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Original article (peer-reviewed)

Journal Geochimica et Cosmochimica Acta
Volume (Issue) 263
Page(s) 122 - 139
Title of proceedings Geochimica et Cosmochimica Acta
DOI 10.1016/j.gca.2019.08.004

Open Access

URL https://doi.org/10.3929/ethz-b-000360273
Type of Open Access Green OA Embargo (Freely available via Repository after an embargo)

Abstract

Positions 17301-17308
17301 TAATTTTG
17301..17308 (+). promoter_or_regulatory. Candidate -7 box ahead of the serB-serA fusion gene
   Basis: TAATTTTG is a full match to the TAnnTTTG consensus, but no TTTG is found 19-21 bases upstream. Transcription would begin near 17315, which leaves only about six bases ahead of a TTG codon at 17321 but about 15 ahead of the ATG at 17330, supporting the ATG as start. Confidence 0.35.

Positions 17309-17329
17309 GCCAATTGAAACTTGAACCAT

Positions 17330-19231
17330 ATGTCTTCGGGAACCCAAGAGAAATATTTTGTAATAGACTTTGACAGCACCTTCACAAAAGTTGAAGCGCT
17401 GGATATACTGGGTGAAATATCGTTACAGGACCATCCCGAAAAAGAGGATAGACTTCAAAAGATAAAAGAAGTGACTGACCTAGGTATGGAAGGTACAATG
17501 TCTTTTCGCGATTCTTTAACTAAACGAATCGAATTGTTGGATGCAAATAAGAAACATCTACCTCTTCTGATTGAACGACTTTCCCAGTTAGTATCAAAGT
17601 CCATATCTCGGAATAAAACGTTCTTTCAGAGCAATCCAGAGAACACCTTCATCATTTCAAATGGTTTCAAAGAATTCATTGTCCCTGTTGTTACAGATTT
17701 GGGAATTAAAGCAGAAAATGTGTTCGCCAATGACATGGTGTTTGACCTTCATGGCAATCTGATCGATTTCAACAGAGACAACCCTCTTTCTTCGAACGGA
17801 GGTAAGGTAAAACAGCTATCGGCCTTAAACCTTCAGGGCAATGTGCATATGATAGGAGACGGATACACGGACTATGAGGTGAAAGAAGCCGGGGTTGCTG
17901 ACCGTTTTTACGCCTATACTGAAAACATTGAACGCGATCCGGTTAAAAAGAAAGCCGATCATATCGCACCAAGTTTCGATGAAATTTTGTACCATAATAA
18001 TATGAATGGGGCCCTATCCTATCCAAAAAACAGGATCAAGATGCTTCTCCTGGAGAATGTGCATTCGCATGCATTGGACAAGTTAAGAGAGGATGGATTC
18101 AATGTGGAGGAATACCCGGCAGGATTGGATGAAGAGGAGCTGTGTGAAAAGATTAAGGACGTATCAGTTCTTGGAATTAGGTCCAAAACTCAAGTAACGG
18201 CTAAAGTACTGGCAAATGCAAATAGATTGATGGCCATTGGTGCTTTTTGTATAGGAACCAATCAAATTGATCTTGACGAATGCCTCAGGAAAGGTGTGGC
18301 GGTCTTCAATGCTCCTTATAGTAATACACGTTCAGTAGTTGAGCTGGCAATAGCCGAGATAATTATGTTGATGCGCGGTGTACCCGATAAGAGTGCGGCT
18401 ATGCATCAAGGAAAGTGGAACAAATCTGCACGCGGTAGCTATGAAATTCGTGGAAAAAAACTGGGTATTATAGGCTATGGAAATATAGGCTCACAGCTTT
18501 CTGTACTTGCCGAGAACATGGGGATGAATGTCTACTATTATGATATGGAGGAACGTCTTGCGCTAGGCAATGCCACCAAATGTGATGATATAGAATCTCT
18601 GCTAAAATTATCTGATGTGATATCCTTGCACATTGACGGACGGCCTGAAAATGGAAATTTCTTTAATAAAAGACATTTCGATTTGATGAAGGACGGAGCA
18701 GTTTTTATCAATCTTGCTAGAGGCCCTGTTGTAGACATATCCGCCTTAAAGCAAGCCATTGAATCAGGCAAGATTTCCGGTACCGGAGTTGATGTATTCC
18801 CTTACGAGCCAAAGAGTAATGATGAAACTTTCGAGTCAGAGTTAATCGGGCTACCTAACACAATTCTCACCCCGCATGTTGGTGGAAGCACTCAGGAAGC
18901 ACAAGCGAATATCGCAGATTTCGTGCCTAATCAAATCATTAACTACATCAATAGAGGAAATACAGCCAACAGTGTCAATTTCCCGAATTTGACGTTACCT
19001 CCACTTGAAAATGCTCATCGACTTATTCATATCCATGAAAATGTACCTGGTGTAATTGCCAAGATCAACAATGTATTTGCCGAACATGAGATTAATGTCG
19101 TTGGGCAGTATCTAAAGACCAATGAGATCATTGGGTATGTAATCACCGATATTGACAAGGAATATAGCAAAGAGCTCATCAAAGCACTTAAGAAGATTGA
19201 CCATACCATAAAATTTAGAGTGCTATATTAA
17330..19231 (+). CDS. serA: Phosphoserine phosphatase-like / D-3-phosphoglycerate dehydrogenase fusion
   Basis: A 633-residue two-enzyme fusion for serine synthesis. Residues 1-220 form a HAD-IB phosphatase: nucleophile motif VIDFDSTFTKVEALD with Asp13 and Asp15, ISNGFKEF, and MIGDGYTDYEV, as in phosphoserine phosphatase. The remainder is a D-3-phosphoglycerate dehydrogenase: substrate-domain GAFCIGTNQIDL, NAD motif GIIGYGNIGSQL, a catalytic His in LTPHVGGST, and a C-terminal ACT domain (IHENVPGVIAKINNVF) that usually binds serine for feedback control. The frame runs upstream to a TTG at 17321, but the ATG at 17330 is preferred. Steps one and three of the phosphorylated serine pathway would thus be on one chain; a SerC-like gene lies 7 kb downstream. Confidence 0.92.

Leaf-wax n-alkanes are produced by terrestrial plants, and through long-term preservation in sediments their stable hydrogen-isotopic signature (δ²Hwax) provides useful information on past hydrological variation for paleoclimate reconstructions. However, gaps remain in our understanding of the relationships between the isotopic signatures of leaf waxes and the plants’ source water. In this study, we investigated the influence of plant growth form, habitat and season on the distribution patterns and δ²Hwax values of 14 plant species (among which are two grasses, five trees and seven shrubs) sampled during four successive dry and wet seasons in three distinct habitats around Lake Chala in equatorial East Africa. Variation in δ²Hwax was analyzed with linear mixed-effect models and compared with the associated values of xylem water (δ²Hxylem), leaf water (δ²Hleaf) and biosynthetic hydrogen fractionation (εbio). Our results show that plant growth form was the most important driver of modern-day δ²Hwax variability in the study area, and that differences in δ²Hwax among habitats to a large extent reflect how each major growth forms is represented in those habitats. Individual plant species appear to express substantial species-specific isotopic fractionation that cannot be attributed to the tested external factors but rather seem to depend on intrinsic (e.g., plant phenological and biosynthesis-related) factors. For the purpose of calibrating δ²Hwax signatures against vegetation types, it is thus crucial to analyze representative samples of the plant communities present in the study area. Our results further indicate that paleohydrological studies in regions receiving rain from multiple moisture sources must take into account possible seasonal bias in the δ²Hwax signature relative to annual rainfall, due to unequal use of those moisture sources by the plants. Finally, the strong influence of plant growth form on δ²Hwax values argues for δ²Hwax variation in paleo-records being evaluated in conjunction with independent proxy data on changes in vegetation composition. Differences in n-alkane distribution patterns among trees, shrubs and grasses (e.g., average chain length, carbon preference index and C31/(C29+C31) ratio) may provide such proxies, and can be produced from the same leaf-wax n-alkane dataset used to determine δ²Hwax.
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